The final guideline of the Web Content Accessibility Guidelines relates to the technical aspects of web pages. It covers these points:

Is the code correct and valid? Browsers are smart and can usually compensate for errors, but screen readers might not be able to recognize controls without the right code.

Are semantic elements used when appropriate? Semantic HTML uses HTML tags to effectively describe the purpose of page elements, not just because of the way they look. Emphasizing the importance of using valid, semantic, standard HTML, HubSpot Senior Web Developer David Ding said, "Often developers can over-engineer components, which then need a lot of manual intervention to make them accessible, when using boring, standard <button> or <input> elements would have done the trick and supplied most of the accessibility out of the box."

Are custom controls built in such a way that they can be used correctly? For example, an accordion might not be usable by a screen reader user if poorly coded.

Do users get status messages that let them know of a change as a result of their actions? If a user adds an item to a shopping cart, they should be told as much.

Additional Website Accessibility Tips

Following the guidelines above will make your content more accessible to a wider range of people with disabilities. WCAG includes accommodations for blindness and low vision, deafness and hearing loss, limited movement, speech disabilities, photosensitivity, learning disabilities and cognitive limitations, and combinations of these. However, they will not address every need for people with these disabilities.

If you would like to continue your efforts in making your content as accessible as possible, check out the tips below.

1. Focus on the most common types of WCAG 2 conformance failures.

All of the guidelines above are important for making web content more accessible. If you’re just starting your accessibility efforts and don’t know where to start, prioritize items which cause accessibility issues most frequently. WebAIM analyzed the homepages of the one million most popular websites and found that 96.7% of all detected errors fall into six categories:

  • Low contrast text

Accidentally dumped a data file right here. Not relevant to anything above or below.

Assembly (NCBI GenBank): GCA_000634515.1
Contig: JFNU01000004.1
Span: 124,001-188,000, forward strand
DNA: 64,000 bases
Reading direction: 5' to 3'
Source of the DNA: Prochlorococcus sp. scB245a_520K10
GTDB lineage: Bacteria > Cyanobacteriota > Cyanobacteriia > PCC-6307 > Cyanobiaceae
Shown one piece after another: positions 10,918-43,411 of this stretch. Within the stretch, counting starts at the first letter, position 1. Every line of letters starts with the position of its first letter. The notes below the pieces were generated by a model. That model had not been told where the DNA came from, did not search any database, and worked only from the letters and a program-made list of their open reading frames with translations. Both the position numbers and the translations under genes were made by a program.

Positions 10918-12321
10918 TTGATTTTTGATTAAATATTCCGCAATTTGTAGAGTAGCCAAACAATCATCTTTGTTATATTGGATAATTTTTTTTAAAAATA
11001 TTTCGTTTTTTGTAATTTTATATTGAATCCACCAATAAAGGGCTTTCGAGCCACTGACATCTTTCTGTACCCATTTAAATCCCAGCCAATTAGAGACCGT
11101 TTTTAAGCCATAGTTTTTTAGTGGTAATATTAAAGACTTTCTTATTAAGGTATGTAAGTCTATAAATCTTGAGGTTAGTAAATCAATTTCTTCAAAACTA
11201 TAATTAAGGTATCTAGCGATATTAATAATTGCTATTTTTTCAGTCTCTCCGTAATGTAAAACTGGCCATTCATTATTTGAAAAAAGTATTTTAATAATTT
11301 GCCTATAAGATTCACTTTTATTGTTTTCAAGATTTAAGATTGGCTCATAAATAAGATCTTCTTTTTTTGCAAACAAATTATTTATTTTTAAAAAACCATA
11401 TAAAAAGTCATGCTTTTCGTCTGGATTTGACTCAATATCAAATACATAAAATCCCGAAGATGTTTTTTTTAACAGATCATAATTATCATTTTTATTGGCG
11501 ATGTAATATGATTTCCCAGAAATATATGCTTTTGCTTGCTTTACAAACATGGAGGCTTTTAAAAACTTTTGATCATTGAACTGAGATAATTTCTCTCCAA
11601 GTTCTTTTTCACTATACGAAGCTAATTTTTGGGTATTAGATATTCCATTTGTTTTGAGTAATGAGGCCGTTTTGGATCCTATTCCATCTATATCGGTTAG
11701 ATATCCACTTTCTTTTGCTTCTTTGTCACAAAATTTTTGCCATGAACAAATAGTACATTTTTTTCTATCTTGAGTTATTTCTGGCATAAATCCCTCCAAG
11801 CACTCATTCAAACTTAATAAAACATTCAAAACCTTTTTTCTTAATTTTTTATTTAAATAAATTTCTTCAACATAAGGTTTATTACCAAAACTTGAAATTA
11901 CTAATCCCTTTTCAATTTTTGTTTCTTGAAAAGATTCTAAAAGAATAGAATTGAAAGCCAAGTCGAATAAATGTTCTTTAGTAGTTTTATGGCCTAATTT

• Missing alternative text for images
  • Missing form input labels
  • Empty links
  • Missing document language
  • Empty buttons

2. Regularly perform web accessibility testing. 

Web accessibility testing is the method of evaluating how easily users with disabilities can understand, navigate, and interact with a website. Doing so will provide valuable information for improving your website for users with and without disabilities.

WAVE browser extensions and axe DevTools extensions are just a few tools that can help simplify and automate parts of the testing process.

Ding also notes that modern operating systems have built-in screen readers — like VoiceOver for MacOS and Narrator on Windows — which can be used to test their websites for screen reader accessibility in particular.

3. Respect a users' motion preferences.

Websites with bounce animations and other types of motion can be engaging and delightful for some users, but not all. Some users with or without a disability might feel sick or have a serious medical emergency, like a seizure, on websites with lots of motion. That’s one reason most new operating systems enable the user to set their own motion preferences.

To respect this, you can use the prefers-reduced-motion media query in your CSS and set it to either reduce or no-preference. By setting it to reduce, you can turn off an element’s animation if the user has explicitly set a preference for reduced motion. Or you can set it to no-preference, which means the animation will only apply if the user has no motion preference.

4. Respect a user's light or dark mode setting.

Similar to motion, dark and light modes might be preferred by users for accessibility reasons or other reasons. Users can indicate this preference through an operating system or user agent setting. To respect this, you can use the prefers-color-scheme media feature to detect if the user has requested a light or dark color theme and style your web page accordingly.

According to Belsky, respecting this setting as well as the "prefers reduced motion" setting above is great for all users, not just ones with a disability. 

Make Your Site Accessible

Following the Web Content Accessibility Guidelines may feel like a challenge, but the rewards of an accessible website are worth the effort.

You will reach a wider audience because you've thought about and catered to a range of different people's needs. Your website will be more usable because people will find it easier to understand and interact with. Your SEO will likely improve, as using the correct code plus text alternatives to multimedia will delight search engines as well as visitors. You will protect yourself from legal risk and liability that could happen as a result of an inaccessible site.

Finally, you will foster good public relations as you are doing the right thing.

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A checklist to help you make your website more accessible and usable.